Thanksgiving came and went and I ultimately gave up my pursuit of a purple pie, tabling the idea for the next year (I decided that a purple pie would be more suitable for Halloween, anyway – bring one of these to Thanksgiving dinner and you’ll probably get a few questioning looks).

Now a year has come and gone and I’m still thinking about this purple pie. Clearly I had to try a different approach. After further research I realized that not all purple sweet potatoes are the same (as I had mistakenly assumed); rather, there are three distinct kinds of violet tubers throughout the world: Stokes purple sweet potatoes from the US, Okinawan purple sweet potatoes from Japan, and ube. All three are quite different in taste and texture and really aren’t interchangeable.

But the more I researched it, the more ube stood out to me as the best candidate for my purple pie. This purple yam from Southeast Asia is a bit sweeter and less starchy than the Stokes potatoes, and often used for flavoring dessert pastries and ice cream. Sounds perfect, right? Now I just needed to find some.

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Banana Fudge Chunk Ice Cream

With ample chunks of chewy chocolate fudge in a creamy banana custard, this homemade banana fudge chunk ice cream really hits the spot! Inspired by one of my favorite ice cream flavors from years ago, this recipe uses extra ripe bananas and high quality dark chocolate for an intense and sophisticated flavor profile. Years ago […]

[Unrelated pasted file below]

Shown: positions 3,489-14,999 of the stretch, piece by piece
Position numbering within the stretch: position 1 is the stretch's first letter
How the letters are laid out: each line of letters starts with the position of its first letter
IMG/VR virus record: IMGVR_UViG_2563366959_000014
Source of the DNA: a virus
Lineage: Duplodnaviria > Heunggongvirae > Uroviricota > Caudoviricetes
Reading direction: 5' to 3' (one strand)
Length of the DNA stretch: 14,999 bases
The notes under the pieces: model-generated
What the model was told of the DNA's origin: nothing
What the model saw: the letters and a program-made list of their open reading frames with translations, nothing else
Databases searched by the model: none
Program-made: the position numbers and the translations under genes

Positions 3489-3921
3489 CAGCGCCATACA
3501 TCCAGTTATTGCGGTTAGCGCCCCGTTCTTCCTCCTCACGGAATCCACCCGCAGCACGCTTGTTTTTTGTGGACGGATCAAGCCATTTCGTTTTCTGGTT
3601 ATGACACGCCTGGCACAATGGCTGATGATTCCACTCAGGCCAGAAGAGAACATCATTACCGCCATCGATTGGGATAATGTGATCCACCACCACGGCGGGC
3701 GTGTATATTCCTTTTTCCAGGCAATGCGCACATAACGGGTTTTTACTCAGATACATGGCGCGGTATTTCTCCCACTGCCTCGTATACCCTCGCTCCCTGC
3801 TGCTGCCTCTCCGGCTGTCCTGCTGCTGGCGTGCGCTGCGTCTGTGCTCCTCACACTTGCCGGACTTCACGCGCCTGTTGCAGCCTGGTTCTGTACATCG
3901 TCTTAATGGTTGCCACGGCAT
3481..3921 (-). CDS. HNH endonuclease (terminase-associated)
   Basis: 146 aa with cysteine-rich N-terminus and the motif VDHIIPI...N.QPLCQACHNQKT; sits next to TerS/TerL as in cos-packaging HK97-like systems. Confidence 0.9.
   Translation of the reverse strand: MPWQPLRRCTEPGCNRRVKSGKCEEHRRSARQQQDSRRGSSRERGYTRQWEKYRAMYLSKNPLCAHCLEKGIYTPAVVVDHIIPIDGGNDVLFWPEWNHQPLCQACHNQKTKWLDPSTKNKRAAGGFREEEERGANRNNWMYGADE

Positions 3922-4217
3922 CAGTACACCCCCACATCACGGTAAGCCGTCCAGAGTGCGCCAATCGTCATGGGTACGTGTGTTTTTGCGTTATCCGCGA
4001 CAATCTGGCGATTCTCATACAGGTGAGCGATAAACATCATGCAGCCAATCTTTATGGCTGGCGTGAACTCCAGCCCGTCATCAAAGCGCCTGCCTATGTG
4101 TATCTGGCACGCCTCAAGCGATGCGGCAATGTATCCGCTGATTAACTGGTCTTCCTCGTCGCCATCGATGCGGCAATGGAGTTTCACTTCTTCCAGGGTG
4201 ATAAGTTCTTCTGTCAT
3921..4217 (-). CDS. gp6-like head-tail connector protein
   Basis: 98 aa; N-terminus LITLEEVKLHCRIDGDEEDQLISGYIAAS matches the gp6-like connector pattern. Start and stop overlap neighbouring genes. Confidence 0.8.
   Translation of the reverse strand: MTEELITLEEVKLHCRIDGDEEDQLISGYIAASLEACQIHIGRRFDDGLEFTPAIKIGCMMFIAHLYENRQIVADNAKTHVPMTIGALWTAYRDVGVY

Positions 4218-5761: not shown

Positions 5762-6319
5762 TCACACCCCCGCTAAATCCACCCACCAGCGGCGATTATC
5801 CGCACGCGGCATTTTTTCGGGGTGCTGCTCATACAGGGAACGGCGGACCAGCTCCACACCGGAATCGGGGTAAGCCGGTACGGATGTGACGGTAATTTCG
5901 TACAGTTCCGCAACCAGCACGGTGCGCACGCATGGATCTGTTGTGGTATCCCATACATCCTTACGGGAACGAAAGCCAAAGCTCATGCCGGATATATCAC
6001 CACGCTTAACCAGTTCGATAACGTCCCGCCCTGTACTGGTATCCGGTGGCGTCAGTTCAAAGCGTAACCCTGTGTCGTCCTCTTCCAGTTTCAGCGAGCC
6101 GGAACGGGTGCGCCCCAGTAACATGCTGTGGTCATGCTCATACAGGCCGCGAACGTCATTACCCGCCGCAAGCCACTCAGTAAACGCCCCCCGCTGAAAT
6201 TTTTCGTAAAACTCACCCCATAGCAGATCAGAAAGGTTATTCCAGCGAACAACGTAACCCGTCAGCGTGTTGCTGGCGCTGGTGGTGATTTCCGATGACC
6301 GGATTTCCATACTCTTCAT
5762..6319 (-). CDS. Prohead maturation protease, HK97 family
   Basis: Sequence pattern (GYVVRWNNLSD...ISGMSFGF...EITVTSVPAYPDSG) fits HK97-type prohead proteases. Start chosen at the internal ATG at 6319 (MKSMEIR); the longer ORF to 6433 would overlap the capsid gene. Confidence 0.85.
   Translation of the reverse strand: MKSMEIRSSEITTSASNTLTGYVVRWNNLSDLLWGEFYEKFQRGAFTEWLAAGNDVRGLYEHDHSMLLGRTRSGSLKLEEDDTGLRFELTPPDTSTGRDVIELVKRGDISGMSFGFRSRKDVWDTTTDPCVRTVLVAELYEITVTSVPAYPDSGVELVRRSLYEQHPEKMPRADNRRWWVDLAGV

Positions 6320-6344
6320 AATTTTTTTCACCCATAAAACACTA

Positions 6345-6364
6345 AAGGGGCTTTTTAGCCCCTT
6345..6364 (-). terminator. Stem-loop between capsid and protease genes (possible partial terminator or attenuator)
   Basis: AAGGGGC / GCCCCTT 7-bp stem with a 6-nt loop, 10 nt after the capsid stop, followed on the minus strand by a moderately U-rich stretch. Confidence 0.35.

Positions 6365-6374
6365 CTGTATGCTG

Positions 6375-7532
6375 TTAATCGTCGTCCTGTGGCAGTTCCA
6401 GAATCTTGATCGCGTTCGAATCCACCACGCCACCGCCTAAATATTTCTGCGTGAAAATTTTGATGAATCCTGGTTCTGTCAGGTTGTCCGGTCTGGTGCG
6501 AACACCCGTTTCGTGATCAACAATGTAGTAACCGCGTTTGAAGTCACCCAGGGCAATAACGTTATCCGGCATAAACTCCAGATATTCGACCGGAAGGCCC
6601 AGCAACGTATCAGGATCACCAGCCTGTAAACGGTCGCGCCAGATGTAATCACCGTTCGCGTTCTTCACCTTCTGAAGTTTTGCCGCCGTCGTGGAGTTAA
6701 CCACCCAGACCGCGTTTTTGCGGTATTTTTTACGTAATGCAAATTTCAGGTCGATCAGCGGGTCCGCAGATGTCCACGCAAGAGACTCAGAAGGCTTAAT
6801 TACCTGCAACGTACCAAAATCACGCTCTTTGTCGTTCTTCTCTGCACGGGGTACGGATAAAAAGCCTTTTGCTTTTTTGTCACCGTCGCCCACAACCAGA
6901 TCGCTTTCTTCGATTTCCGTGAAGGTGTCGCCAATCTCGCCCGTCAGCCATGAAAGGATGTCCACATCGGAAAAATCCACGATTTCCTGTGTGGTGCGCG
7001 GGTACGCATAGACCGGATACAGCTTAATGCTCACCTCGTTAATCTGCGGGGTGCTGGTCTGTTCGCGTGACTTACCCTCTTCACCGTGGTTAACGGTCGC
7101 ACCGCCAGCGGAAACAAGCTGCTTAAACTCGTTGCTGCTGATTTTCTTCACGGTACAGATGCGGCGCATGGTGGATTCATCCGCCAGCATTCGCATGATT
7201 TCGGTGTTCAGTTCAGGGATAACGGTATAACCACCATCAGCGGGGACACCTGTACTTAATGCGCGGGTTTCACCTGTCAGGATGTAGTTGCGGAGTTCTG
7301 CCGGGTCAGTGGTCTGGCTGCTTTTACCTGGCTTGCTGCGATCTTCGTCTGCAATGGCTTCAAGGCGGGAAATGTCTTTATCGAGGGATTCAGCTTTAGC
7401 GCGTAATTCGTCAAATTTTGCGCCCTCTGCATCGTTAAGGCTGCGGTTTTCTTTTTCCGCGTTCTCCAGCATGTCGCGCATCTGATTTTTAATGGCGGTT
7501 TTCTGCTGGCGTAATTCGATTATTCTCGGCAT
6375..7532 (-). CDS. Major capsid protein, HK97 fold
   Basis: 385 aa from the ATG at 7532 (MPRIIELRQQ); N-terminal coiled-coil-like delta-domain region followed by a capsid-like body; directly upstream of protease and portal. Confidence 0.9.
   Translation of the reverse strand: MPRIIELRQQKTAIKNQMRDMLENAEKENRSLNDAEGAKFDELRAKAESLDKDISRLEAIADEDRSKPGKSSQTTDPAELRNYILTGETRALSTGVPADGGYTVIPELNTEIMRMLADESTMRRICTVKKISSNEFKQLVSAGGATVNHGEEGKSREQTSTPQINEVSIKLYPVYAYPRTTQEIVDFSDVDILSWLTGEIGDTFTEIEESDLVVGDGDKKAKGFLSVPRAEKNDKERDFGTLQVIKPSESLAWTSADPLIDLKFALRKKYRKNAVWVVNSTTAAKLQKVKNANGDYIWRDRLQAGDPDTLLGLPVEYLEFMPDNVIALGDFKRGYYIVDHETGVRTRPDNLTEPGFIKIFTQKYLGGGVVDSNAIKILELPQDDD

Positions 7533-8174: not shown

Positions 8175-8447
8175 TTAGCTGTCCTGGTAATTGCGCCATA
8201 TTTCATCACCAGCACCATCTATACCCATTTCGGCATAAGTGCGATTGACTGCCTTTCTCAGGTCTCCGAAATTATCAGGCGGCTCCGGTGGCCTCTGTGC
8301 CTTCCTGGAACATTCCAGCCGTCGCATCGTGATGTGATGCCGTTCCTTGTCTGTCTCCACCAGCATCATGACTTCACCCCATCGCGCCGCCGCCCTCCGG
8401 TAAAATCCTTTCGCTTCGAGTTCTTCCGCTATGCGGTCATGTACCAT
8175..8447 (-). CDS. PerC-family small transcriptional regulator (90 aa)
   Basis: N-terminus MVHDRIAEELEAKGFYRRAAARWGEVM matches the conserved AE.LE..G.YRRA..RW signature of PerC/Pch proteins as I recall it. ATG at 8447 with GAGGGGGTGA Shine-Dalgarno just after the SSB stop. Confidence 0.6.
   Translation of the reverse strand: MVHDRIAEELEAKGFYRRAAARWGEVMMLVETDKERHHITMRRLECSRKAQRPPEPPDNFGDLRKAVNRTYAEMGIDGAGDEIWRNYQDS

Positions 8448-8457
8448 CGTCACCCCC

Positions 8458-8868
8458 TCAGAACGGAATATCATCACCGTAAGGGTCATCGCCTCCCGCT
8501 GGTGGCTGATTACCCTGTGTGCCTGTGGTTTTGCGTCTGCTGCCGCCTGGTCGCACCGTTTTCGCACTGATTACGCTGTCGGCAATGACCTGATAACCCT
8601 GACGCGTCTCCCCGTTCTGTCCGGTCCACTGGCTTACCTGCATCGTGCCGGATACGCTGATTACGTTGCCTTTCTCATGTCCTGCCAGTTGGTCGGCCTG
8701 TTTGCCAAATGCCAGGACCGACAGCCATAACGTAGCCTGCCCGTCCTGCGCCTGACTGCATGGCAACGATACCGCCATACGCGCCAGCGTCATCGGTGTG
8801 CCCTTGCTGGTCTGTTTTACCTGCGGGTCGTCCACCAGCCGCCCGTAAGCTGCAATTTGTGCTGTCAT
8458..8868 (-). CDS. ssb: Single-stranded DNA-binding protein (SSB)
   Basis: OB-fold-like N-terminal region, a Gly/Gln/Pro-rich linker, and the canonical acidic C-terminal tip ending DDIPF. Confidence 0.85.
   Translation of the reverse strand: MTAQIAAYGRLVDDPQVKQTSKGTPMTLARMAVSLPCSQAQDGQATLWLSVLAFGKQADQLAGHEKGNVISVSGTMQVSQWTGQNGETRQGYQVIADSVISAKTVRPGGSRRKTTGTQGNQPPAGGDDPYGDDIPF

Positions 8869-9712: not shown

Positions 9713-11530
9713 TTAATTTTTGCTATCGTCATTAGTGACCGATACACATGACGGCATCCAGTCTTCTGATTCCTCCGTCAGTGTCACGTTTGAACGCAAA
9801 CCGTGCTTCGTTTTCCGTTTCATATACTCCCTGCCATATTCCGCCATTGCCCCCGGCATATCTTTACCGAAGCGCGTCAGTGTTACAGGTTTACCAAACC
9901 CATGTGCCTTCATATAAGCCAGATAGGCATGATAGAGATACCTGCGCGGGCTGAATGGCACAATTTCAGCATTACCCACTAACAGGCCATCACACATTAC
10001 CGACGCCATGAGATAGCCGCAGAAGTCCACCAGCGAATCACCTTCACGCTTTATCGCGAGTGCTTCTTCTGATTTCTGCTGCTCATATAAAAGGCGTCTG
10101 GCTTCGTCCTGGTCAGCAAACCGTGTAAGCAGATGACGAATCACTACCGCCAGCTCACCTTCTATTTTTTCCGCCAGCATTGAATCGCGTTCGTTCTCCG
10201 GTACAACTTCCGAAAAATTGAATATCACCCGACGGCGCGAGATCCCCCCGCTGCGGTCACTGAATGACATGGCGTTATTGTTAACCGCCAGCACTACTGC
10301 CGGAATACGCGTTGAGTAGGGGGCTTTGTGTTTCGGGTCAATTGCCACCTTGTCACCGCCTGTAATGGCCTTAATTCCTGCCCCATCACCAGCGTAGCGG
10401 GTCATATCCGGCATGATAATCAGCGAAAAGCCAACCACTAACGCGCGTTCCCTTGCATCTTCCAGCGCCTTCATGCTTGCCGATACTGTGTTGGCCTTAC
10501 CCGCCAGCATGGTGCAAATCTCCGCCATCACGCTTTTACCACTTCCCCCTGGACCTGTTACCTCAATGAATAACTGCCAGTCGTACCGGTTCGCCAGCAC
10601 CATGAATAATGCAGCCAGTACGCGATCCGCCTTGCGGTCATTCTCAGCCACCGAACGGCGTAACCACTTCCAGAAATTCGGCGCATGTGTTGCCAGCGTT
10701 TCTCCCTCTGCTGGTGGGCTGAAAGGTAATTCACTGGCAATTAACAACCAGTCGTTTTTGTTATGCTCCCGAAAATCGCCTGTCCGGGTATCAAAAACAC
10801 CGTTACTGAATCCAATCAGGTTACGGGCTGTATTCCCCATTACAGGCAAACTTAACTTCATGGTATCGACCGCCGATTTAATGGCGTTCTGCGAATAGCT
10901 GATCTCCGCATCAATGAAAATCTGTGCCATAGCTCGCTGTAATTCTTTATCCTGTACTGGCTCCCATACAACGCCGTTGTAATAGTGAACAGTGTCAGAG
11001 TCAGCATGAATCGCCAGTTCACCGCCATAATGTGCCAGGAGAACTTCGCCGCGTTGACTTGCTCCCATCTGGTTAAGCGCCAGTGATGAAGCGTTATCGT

With ample chunks of chewy chocolate fudge in a creamy banana custard, this homemade banana fudge chunk ice cream really hits the spot!

Inspired by one of my favorite ice cream flavors from years ago, this recipe uses extra ripe bananas and high quality dark chocolate for an intense and sophisticated flavor profile.

Overhead shot of three scoops of Banana Fudge Chunk Ice Cream on a pewter platter with three spoons on the side.

Years ago I recreated one of my favorite ice cream flavors from college.

At that time, however, I simply tossed in some chopped dark chocolate at the end of the churn. Which is great and all, but fudge chunk and chocolate chunk are not the same thing. Fudge, to me, implies a softer chocolate, something you can really sink your teeth into and chew instead of chomp.

I’d done something similar for my Sea Salt Fudge Chunk ice cream (which is still one of my favorite ice cream recipes ever).

I changed up the process a bit for this banana version. Rather than spreading out the fudge mixture onto a baking sheet, I found piping out 1/2-inch logs of chocolate was easier to to cut into uniform chunks, easy enough to warrant washing the extra piping bag.

In the end, you’re rewarded with chewy chunks of rich dark chocolate swimming in a creamy banana custard base.

(And yes, I know this recipe leaves you with 4 leftover egg whites. These can easily be frozen for a later time, or if you’re looking for something quick to use them up now, a double batch of my Soft Amaretti Cookies would be perfect!)

Sheet pan with scoops of Banana Fudge Chunk Ice Cream and a partially-full carton.

This was also the inaugural run of my new ice cream machine.

Previously I used (and loved) the KitchenAid ice cream attachment, which worked great, but I hated having to freeze the bowl a full 24-48 hours before I could churn a batch of ice cream. And if I needed to churn two batches (testing recipes I’ll often make 2-3 variations at the same time to see which is best), it was simply too long to have to wait. So I splurged and treated myself to a compressor-based ice cream machine, which can easily churn multiple batches back to back.

If you make homemade ice cream with any regularity, and have the storage space (it’s a good deal larger than the freezer bowl versions), I highly recommend a compressor-based machine. It’s a game changer!